PfSense – Snort package failing to update bo April 5, 2020 No Comments Tried to upgrade Snort and was receiving failures, particularly missing files dealing with Apache and various others. PfSense Part 11: Configuring Snort in pfSense This video is a step by step guide, demonstrating how to Configuring Snort in pfSense This video tutorial outli.
Thanks to the Snort package and OpenAppID, pfSense® is now application-aware.
This layer 7 functionality arrives through an upgraded version of the Snort package for pfSense software. Maintained by Bill Meeks, the Snort package has been available for many years and is one of our most popular packages. Thanks to his continued efforts, as well as those of Demair Ramos, OpenAppID is now part of the Snort package.
What is OpenAppID?
Introduced in 2014 by Snort author and Sourcefire founder Martin Roesch, OpenAppID is an application-focused detection language and processing module for Snort. Quoting the original blog post by Martin Roesch:
“OpenAppID puts control in the hands of users, allowing them to control application usage in their network environments and eliminating the risk that comes with waiting for vendors to issue updates. Practically speaking, we’re making it possible for people to build their own open source Next-Generation Firewalls.”
It is important to remember that OpenAppID provides application identification and not threat detection. We strongly recommend reading the entire blog post by Martin found here.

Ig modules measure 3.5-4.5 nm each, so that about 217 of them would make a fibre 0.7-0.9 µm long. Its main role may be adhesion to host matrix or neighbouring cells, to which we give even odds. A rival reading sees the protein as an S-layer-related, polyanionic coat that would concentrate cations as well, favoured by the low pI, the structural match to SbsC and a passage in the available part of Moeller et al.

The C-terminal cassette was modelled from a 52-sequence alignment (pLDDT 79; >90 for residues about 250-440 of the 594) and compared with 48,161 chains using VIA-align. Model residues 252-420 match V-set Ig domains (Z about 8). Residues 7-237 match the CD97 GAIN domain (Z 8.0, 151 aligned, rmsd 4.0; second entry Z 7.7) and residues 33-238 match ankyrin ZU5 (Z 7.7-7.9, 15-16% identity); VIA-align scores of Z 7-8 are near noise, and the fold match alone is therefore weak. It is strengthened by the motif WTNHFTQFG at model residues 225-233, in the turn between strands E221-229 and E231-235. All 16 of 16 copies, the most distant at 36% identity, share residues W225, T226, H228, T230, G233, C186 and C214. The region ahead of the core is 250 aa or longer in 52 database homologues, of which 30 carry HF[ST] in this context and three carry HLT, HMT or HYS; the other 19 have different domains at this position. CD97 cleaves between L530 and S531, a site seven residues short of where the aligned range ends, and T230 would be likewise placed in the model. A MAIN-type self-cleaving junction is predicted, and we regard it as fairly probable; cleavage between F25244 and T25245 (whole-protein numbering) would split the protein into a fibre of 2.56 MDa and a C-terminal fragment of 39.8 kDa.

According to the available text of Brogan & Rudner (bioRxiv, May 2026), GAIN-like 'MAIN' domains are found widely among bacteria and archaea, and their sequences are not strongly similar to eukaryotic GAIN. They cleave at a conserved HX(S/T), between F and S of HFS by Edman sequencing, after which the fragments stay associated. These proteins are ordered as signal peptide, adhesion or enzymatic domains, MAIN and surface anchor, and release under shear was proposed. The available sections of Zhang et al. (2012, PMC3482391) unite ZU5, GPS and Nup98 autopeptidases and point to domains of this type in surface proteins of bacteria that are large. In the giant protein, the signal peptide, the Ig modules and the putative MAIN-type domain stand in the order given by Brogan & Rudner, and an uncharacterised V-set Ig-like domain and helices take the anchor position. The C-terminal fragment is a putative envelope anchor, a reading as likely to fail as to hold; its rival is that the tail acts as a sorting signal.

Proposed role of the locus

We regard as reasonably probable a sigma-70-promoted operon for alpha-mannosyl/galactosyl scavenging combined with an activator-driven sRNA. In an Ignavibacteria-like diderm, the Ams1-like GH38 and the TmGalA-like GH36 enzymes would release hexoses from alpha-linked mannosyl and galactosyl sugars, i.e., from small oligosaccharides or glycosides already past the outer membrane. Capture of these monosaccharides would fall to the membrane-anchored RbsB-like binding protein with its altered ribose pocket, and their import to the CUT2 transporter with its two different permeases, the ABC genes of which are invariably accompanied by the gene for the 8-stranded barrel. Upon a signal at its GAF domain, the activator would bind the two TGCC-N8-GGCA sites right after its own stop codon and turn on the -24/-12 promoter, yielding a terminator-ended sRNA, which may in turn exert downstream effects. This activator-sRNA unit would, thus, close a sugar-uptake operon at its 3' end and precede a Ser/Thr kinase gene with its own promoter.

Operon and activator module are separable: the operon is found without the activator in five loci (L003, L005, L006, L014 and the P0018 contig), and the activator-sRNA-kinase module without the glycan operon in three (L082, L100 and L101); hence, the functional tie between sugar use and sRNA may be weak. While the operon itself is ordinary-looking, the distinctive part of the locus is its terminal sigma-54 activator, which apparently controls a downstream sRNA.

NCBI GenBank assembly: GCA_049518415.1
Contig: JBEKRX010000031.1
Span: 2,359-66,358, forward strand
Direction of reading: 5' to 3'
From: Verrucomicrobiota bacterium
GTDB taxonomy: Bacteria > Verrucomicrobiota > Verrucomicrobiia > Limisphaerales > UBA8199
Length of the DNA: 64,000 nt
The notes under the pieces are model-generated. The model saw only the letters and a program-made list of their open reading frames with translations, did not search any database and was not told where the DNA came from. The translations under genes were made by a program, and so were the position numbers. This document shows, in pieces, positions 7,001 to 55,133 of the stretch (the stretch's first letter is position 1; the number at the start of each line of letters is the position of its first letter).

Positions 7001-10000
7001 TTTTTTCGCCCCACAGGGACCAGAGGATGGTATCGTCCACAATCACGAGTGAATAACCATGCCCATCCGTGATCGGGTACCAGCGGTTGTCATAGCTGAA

OpenAppID consists of a set of LUA libraries for detecting applications, as well as the application detectors themselves. To enable OpenAppID in the Snort package for pfSense, Bill Meeks has integrated all the necessary AppID stubs and LUA scripts to enable OpenAppID to function. However, in order to employ these signatures, it is necessary to create text rules similar to any other custom Snort rule, with the difference being the “appid” keyword in the rule. The appid keyword can be embedded in any rule to match only on traffic already identified as a specific application.
These rules reference the various application IDs provided by the VRT (Vulnerability Research Team) in your rules. In order to actually use OpenAppID you need to get the App ID stubs from VRT and then create text rules that reference the App ID’s. However, the actual application detection rules for analyzing traffic are not provided by Cisco or Snort.
This is where, once again, our community shines. A pfSense user and community member named Demair Ramos created a large collection of text rules that use the AppIDs provided by VRT. Demair even hosted the rules he created on his university’s server in Brazil, but this server has limited bandwidth, and implements geo-blocking to preserve the same. Working with Bill, Demair and our developer Renato Botelho do Couto created a new ‘mirror’ of this rulebase on our infrastructure, and Bill has changed the Snort package for pfSense to use them, and pfSense-package-snort v220.127.116.11_4 or later has the updated changes.
Using Snort and Application ID
In pfSense, OpenAppID can successfully detect, and if configured to do so, block over 2600 different services like Facebook, Netflix, Twitter, and Reddit. The package can be installed from the pfSense Package Manager and configured via the existing Snort GUI. Those familiar with snort should find the interface for working with OpenAppID detectors and rules familiar and easy to use.
We have recently updated our Snort guide for pfSense and added a brand new section covering Application ID, which can be found here.
Our plan for OpenAppID is not limited to pfSense, we intend to enable it for our upcoming advanced platforms that use Cisco’s VPP and DPDK. More on this subject in the future.